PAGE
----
In general, when talking about the significant increase in structured and unstructured human data and the technologies capturing it, we can take two angles; we can debate over why marketing should use it OR we can try to understand how marketing should use it to deliver sustainable value for brands and agencies.
Today, we see a lot of notes on why marketing should use data. We read that DMPs can help save and make us millions of dollars through frequency capping, retargeting and suppressions. We find that building advanced and ad-hoc segmentations by integrating offline and online data, we can achieve the ideal marketing mix to drive higher ROI. We discover that real-time and targeted re-marketing can help us with cross-sell and up-sell opportunities through every step of the customer lifecycle. We learn that by automating and optimising marketing campaigns we can deliver personalised experiences and increase conversions. We discover that by integrating 1st, 2nd & 3rd party data, we can transform our marketing to spill gold every second.
So, if all of this is true then why do we experience increased marketing wastage and ineffective marketing around us?
Recently, I tried using Airbnb to book accommodation. I went through the typical journey, but changed my mind at the checkout and ended up booking a hotel. Five days later, I received an E-mail from Airbnb passionately marketing the ‘travellers’ favourite’ places to stay in the city which I searched on Airbnb. Throughout the five days between searching on Airbnb and receiving the E-mail, I regularly experienced Airbnb online ads, targeting the city I searched on Airbnb. To satisfy my curiosity, I even clicked on one of the ads and was presented with a totally personalised webpage. Technically speaking Airbnb DMP/ CRM/ Personalisation systems have delivered everything by the book, except they failed to receive my money in-return. In conclusion, Airbnb didn’t just lose my money, but also wasted its own money spent on delivering the online ads, designing / delivering the E-mail and personalising the webpage. One of the reasons forcing Airbnb to lose its own money in a hope to get my money was its inability to marry insight with the science of data (i.e.More than 90% of the travellers leaving a hotel or an accommodation booking site at the checkout make their purchase within 12 – 24 hours).
Amazed by this discovery, I researched and analysed some of the world’s most prestigious brands. For example, whilst logged into chrome, I received ads from Google marketing “£75 ad credit when I spend £25 on my first campaign” – totally forgetting that I have already used Google Adwords Credit in the past, using the same E-mail address which I used to log into Chrome. Going through my newsfeed on Facebook, I saw messages marketing the same phone to me which I was using to surf Facebook. Throughout my research covering retail, banking, social networks, search, consumer electronics – I repeatedly found a common theme; technology-pushed-brand-chase without knowing me – without using the insights they already have about me.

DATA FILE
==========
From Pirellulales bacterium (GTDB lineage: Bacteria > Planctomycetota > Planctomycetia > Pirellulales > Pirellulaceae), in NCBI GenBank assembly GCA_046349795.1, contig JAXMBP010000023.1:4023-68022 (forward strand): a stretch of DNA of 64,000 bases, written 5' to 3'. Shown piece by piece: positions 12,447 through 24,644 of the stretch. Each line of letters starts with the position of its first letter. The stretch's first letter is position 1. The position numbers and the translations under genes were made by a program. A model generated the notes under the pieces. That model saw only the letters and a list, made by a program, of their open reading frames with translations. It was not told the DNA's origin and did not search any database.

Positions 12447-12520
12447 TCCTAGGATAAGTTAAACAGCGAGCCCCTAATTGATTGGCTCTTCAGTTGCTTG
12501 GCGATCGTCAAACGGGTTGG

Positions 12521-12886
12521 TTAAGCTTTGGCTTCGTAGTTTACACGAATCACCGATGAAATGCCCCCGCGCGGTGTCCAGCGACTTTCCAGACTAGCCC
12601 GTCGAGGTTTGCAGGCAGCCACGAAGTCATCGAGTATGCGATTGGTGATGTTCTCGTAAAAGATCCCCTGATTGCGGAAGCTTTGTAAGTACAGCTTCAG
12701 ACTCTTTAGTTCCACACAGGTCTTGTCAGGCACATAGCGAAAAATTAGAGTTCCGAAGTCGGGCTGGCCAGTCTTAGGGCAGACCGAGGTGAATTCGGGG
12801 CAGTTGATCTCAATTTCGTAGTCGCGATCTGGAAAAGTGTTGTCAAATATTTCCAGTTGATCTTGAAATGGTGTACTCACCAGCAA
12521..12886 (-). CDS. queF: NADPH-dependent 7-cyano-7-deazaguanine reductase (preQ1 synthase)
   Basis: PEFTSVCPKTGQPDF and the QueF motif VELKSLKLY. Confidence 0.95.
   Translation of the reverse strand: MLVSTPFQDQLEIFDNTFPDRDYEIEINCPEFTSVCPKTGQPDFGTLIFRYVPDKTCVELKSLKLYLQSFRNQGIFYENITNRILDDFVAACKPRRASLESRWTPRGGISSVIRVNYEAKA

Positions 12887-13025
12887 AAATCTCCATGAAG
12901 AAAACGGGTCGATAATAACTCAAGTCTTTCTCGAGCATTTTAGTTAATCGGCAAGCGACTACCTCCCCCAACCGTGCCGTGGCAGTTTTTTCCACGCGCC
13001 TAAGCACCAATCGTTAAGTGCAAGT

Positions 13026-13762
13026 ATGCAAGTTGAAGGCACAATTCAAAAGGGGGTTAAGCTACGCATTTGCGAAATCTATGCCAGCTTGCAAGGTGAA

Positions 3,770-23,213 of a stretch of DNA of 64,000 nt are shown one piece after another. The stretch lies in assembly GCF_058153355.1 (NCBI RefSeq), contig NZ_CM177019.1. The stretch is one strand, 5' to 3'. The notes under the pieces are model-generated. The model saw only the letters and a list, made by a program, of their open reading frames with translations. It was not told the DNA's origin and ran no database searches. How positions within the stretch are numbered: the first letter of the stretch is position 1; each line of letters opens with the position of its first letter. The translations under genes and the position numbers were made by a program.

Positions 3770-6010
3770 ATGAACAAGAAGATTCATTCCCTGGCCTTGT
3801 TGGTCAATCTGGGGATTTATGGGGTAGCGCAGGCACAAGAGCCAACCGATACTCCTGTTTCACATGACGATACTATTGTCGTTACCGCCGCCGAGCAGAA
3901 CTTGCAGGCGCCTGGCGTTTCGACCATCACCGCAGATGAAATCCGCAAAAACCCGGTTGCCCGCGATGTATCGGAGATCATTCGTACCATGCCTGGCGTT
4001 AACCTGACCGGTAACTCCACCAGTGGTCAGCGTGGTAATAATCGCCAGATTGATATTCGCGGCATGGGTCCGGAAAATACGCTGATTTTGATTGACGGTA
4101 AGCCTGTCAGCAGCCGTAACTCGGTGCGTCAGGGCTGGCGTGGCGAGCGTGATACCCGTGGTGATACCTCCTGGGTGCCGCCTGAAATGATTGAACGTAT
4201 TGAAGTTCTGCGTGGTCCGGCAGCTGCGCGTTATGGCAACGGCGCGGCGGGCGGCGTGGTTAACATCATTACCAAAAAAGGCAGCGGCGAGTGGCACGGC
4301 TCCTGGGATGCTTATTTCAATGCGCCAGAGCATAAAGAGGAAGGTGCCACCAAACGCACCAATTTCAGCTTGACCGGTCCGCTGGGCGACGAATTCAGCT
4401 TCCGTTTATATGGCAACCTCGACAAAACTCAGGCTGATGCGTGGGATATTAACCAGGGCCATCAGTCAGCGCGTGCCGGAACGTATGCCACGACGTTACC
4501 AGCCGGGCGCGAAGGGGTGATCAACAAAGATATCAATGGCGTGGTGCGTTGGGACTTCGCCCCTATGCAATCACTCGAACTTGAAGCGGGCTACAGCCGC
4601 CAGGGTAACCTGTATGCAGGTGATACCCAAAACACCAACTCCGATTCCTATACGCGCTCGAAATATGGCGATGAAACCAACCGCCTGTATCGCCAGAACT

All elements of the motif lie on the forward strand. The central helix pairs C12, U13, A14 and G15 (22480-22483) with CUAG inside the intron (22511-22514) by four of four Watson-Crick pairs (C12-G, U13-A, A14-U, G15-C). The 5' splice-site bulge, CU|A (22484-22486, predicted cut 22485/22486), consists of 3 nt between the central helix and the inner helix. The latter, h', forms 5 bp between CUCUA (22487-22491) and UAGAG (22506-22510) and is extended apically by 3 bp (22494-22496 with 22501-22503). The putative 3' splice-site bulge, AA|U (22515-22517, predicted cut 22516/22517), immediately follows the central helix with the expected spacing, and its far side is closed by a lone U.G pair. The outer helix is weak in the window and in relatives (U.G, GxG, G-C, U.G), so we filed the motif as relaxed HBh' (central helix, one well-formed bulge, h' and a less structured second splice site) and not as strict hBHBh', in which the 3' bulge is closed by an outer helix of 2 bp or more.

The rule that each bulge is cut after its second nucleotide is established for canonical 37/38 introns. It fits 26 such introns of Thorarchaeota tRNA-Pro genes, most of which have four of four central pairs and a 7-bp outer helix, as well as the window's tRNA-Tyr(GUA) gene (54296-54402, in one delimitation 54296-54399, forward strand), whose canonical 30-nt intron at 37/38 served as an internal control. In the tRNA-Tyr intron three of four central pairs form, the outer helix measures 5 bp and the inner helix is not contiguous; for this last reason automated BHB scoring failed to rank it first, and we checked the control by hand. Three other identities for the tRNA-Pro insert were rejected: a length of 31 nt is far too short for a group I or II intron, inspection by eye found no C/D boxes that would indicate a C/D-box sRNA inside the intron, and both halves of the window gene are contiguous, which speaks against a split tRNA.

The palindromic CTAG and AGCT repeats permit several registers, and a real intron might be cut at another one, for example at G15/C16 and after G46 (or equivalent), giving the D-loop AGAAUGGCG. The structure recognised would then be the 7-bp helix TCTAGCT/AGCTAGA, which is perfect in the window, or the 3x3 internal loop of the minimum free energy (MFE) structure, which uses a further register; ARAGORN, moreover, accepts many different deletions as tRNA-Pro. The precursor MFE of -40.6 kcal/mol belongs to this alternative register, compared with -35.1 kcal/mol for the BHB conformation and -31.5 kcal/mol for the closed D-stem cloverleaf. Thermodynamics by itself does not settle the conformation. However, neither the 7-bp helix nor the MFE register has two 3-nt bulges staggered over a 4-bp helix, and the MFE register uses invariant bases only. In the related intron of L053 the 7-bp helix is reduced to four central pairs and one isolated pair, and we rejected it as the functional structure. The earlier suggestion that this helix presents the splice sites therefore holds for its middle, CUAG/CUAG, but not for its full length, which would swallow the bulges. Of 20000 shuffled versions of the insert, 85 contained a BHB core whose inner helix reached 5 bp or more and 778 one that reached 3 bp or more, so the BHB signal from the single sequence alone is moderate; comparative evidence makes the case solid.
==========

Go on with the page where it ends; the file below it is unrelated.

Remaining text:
All of this feels no different than a health club successfully selling swimming membership to a non-swimmer; because swimming counts as both cardio and strength training, it’s great for lungs, makes you a better runner, slashes major stress. Later on, selling swimming cap, ear care, nose clip, pool shoes, goggles, but without ever hiring a swimming instructor or giving any clue to the new member that they would need to take swimming classes to use their membership and the fancy swimming kit.
Similarly, I believe, the marketing world is subscribing to data pool and buying all sort of fancy kits without learning how to swim. The result is simple – more wastage of money, time and resources.
I feel, it’s about time we focus our efforts on how to use data than just why use data.
As always, the core purpose of collecting, capturing and using data will remain increasing our knowledge about people, processes and systems – ultimately, helping us develop better insights to create more effective and valuable marketing solutions to solve business problems.
The below diagram illustrates how data could be organised and utilised to create more meaningful and valuable marketing.